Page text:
On the main page you pick the country you’re interested in. Let it be Canada, for example:

scr1

Select some additional details (if the rates depend on particular circumstances), like province in Canada:

scr2

Enter the gross monthly amount and get the net amount on-the fly:

scr3

There are a few notable points about this web app:

  1. The entire app is loaded once you open the website, so there are no page reloads after each click; this is an Angular app;
  2. The data for the calculator and its logic is bundled within the app; so you don’t need any APIs; once loaded, the app may work offline;
  3. The data for the app is a JSON file, so you don’t need to set up any MongoDBs or, even worse, SQL databases on the back end, and adding a new country is a matter of uploading a new JSON file;
  4. In order to make it SEO-friendly, the URL structure is designed so that it is always clear, which country you are looking at; moreover, you can always jump straight to a particular country’s page; the URL handling will be done by the Angular router;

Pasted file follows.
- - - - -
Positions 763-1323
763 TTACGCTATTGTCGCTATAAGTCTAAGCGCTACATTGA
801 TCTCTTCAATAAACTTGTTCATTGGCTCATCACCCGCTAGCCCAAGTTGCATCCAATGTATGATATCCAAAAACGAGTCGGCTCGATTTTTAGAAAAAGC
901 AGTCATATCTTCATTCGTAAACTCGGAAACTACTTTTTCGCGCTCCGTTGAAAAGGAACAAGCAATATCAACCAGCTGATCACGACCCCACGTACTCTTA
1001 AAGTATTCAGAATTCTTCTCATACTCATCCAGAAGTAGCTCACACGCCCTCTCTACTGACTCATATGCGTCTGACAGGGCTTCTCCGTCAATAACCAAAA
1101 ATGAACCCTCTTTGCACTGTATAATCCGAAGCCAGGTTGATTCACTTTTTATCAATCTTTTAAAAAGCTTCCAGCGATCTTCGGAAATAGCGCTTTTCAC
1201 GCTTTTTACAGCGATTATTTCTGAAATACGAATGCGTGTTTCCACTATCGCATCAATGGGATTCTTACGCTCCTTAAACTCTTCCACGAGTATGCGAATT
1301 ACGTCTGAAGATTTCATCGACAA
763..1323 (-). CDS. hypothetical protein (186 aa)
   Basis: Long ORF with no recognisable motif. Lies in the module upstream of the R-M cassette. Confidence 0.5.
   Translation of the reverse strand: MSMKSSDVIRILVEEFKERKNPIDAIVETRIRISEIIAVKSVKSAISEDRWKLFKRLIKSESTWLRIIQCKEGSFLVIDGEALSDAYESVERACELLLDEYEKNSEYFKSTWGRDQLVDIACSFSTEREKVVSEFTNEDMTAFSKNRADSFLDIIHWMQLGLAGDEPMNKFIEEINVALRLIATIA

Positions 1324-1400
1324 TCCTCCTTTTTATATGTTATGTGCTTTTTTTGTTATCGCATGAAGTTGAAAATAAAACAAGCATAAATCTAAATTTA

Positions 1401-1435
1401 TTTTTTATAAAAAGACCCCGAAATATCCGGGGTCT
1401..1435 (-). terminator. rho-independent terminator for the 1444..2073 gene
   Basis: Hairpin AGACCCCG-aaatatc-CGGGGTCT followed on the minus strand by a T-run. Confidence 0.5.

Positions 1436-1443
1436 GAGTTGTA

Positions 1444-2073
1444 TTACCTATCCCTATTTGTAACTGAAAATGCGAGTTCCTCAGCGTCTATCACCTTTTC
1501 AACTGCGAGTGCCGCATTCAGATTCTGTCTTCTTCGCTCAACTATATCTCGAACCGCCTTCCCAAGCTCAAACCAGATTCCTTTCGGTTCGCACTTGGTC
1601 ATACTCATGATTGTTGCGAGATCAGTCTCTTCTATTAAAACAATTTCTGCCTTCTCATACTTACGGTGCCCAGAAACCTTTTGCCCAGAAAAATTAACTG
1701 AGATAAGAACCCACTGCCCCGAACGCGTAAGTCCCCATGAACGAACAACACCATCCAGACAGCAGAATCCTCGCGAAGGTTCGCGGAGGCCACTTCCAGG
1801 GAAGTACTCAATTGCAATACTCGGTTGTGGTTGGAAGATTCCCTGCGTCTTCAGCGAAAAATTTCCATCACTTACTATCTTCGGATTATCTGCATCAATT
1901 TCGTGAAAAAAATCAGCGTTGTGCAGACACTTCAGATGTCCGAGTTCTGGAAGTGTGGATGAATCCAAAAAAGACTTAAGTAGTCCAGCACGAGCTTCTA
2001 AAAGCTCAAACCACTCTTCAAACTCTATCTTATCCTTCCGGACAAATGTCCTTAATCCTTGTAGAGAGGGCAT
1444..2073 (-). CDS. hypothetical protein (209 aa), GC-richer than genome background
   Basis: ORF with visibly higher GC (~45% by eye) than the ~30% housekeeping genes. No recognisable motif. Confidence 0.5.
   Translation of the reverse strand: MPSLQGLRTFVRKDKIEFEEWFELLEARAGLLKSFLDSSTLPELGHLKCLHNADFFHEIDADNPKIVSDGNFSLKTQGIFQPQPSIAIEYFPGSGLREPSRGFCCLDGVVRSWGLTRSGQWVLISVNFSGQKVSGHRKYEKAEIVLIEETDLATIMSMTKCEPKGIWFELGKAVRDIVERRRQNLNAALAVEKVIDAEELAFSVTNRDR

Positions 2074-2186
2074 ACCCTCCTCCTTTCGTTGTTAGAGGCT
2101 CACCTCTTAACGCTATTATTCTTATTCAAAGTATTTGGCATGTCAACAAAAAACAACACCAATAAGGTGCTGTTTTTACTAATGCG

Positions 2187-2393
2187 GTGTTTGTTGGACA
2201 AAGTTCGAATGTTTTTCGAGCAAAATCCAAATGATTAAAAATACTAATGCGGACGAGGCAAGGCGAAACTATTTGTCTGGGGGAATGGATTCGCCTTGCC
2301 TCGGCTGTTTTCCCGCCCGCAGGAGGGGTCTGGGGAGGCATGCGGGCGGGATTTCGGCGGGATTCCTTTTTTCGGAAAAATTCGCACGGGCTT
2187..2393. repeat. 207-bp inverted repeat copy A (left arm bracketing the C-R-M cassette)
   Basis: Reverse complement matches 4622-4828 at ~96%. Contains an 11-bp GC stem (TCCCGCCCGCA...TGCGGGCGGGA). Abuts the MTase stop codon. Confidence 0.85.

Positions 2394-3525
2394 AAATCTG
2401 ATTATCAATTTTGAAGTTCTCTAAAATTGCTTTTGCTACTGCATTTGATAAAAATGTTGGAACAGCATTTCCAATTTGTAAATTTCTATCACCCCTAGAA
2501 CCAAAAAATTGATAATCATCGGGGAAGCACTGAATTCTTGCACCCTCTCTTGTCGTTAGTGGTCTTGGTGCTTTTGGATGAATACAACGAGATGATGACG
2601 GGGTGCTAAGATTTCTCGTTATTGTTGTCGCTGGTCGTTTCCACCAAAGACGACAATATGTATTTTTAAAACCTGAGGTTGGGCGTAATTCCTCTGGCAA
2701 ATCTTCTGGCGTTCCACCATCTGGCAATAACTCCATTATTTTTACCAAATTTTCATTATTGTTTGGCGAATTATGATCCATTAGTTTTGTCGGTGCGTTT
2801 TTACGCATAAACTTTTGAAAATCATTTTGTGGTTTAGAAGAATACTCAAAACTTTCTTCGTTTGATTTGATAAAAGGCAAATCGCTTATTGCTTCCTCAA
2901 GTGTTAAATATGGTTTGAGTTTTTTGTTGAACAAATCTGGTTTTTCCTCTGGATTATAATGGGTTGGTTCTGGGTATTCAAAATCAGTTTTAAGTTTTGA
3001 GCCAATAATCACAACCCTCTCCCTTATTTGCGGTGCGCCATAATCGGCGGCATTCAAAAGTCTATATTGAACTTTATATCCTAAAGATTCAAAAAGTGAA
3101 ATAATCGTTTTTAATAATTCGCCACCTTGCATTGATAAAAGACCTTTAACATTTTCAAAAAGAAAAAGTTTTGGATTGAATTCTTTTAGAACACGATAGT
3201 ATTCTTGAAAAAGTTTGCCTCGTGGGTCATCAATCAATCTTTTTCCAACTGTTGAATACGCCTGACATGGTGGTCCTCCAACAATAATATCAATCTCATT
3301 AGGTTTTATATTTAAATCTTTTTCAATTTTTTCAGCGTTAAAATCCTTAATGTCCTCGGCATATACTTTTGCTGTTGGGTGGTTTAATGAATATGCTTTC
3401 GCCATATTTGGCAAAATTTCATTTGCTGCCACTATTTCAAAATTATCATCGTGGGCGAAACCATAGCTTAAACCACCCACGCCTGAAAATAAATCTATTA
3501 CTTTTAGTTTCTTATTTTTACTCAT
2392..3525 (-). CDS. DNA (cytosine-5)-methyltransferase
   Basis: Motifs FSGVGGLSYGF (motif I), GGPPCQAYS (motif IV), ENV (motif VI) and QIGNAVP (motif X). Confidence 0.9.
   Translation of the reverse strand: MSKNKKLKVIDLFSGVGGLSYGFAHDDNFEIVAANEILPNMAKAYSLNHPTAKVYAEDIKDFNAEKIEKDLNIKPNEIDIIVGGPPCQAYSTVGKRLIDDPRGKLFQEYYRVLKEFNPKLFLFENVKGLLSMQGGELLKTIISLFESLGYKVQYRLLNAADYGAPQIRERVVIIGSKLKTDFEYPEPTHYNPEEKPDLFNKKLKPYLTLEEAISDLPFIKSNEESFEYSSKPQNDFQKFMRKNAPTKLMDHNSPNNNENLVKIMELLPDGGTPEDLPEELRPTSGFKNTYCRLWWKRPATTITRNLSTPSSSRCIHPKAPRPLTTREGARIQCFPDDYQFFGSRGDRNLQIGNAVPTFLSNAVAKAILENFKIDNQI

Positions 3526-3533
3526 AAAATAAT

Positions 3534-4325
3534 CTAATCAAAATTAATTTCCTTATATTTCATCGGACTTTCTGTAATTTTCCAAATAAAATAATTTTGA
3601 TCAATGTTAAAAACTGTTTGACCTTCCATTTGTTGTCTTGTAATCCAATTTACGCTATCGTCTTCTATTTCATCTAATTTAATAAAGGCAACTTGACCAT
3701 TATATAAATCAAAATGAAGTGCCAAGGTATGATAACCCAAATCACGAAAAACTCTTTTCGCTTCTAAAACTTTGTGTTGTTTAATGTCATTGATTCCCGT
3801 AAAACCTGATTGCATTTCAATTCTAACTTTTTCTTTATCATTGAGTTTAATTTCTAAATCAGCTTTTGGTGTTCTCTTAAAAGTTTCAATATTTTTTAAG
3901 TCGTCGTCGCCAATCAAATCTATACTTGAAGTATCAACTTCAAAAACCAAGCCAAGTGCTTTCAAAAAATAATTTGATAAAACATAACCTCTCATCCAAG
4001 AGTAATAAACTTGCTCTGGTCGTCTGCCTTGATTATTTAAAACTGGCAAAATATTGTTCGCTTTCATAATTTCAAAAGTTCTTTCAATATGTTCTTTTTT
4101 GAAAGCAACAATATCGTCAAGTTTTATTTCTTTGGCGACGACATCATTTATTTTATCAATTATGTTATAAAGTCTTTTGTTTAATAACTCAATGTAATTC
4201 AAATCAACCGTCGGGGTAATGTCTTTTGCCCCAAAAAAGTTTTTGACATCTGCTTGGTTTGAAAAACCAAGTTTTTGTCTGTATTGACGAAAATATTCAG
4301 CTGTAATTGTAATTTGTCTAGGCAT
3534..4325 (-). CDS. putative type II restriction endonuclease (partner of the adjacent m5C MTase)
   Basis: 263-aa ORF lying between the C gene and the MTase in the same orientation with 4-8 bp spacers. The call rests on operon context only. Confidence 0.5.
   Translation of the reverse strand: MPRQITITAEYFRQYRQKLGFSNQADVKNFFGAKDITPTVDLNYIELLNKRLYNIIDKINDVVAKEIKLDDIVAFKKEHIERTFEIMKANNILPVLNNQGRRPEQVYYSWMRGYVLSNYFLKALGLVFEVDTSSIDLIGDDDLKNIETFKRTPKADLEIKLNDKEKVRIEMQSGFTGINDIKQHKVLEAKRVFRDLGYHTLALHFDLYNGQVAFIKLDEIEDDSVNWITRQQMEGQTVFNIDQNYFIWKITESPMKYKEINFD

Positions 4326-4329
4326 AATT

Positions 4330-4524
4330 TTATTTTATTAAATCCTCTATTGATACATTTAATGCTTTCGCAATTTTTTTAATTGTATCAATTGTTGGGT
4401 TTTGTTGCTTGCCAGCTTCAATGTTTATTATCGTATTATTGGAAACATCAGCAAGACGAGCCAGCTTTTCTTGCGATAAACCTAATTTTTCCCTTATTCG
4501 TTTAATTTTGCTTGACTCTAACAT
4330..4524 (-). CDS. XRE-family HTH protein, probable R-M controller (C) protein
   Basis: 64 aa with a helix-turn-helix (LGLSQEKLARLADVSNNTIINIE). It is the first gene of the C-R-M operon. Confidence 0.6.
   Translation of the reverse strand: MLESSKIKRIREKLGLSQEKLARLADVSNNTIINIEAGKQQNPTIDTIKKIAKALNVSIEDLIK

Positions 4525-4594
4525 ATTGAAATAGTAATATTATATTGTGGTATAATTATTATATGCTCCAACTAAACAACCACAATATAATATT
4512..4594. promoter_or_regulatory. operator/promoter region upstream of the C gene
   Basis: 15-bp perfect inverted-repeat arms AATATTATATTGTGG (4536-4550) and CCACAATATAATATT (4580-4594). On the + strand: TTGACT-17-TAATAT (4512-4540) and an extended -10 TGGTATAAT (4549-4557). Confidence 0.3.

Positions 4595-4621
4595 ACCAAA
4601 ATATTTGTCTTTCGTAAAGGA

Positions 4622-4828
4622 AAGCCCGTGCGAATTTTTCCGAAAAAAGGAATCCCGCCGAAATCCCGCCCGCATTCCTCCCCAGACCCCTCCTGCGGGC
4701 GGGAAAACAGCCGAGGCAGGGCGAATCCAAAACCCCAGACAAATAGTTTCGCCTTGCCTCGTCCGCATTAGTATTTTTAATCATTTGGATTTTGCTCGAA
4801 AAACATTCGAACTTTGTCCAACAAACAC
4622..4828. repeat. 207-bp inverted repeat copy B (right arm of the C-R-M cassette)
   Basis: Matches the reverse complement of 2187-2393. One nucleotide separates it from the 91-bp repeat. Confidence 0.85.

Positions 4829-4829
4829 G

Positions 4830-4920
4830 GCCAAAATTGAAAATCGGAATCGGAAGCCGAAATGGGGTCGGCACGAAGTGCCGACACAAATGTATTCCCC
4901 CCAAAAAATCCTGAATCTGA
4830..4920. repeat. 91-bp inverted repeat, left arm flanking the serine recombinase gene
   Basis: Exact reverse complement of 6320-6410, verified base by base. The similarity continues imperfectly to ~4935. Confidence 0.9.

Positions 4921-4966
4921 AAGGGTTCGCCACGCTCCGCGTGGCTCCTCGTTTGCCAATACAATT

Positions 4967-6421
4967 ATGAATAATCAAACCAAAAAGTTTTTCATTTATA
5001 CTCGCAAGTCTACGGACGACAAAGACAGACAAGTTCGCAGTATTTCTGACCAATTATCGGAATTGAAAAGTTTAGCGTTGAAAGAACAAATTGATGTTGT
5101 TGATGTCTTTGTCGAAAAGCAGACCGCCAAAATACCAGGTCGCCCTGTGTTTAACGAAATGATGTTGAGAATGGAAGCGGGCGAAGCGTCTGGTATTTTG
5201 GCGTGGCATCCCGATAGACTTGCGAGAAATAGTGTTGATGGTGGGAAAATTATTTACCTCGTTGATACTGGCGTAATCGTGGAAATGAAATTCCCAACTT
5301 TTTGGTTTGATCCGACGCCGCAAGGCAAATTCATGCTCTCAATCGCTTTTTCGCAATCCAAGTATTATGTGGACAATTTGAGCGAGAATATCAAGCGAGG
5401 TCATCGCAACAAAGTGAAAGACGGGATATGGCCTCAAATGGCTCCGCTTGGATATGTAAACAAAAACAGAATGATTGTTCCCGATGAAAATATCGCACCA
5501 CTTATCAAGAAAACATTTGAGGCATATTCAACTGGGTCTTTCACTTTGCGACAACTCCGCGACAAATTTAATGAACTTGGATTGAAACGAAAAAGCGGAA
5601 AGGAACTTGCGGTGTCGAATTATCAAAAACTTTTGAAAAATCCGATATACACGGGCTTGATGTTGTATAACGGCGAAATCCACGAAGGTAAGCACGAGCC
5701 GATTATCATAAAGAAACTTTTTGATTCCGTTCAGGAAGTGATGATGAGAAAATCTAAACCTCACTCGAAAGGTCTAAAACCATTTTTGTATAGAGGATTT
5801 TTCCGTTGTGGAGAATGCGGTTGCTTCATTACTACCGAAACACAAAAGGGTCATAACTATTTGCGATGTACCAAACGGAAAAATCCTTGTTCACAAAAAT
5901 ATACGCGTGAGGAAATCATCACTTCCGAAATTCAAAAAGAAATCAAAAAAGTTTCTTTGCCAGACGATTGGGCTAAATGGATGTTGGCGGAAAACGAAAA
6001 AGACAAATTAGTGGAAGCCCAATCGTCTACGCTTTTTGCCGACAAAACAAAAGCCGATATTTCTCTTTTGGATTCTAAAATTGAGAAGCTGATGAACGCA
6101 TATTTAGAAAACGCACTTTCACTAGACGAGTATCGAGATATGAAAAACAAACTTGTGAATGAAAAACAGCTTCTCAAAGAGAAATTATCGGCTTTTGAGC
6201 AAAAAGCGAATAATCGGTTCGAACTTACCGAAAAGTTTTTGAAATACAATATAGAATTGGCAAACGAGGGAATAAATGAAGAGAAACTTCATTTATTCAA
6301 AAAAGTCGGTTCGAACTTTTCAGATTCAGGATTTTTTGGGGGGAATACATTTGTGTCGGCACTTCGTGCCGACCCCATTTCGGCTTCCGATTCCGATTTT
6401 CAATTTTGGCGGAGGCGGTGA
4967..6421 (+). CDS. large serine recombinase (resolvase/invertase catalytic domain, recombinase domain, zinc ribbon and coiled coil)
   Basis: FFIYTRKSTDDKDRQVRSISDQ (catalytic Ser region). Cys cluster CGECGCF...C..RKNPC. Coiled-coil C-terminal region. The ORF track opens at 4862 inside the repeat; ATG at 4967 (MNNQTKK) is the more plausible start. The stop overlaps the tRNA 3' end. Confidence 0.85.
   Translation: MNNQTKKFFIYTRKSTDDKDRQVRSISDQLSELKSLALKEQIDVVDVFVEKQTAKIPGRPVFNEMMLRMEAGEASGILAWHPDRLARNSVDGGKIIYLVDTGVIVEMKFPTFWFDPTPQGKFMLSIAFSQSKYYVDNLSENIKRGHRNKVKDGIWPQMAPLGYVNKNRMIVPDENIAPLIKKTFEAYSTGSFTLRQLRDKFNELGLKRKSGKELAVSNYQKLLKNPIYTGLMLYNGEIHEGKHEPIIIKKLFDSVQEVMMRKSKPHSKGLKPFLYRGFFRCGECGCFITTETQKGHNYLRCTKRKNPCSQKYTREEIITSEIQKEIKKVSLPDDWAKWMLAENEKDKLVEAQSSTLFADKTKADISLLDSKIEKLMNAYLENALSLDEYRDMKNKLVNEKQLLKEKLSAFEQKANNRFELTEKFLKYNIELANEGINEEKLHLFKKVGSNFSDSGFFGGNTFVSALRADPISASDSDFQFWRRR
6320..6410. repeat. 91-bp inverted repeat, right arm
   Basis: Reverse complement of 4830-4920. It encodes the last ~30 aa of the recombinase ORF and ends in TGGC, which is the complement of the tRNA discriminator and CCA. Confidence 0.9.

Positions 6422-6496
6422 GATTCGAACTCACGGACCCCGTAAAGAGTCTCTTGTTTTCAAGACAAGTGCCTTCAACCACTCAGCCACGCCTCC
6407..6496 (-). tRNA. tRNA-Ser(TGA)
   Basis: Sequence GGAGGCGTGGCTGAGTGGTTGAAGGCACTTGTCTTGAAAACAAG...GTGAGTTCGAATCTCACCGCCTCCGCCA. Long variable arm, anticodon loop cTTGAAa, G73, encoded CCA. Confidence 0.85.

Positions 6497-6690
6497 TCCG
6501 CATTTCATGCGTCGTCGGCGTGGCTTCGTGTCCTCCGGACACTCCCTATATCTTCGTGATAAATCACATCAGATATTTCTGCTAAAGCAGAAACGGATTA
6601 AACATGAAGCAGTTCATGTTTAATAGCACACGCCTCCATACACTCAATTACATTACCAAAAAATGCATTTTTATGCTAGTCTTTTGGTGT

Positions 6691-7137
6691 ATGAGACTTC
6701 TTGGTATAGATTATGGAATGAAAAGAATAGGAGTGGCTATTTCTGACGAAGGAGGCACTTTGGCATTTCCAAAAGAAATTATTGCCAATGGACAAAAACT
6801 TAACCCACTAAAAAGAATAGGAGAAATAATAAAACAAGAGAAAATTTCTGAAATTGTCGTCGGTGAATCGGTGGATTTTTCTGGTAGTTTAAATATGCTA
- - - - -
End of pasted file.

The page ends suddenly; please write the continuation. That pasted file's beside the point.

5. I’ve purchased a netsalary.in domain, so that the URL may look like http://netsalary.in/canada/alberta/
  6. The calculation runs as you type in the numbers;
  7. For each country there are also data files and logic for displaying flags and currencies;
  8. It uses Materialize library for Material design-like styling, and it also allows you to look nice on mobile devices by dynamically rearranging the blocks to fit small screens.

Unfortunately for me, this plan didn’t work. Most probably, because I’m not a professional developer, and apart from a few toy projects on GitHub, I’ve got nothing to demonstrate – most of my career I spent developing business and technical requirements and solution architectures. However, I find that the concept that I developed for this endeavor might be quite useful, and some of you may want to take it further and turn into a fully-featured product.

Yes, there are some competitors on the internet, but like I said earlier, some of them are outdated, some are dedicated to a particular country, and some are just not user-friendly.

You may find the demo of the app at http://netsalary-in.herokuapp.com/ and the source code on my GitHub. Feel free to fork it, and if you manage to make something good out of it, let me know.


If you liked this article, consider following me on Twitter. I’m aiming to publish new concepts every week, so stay tuned!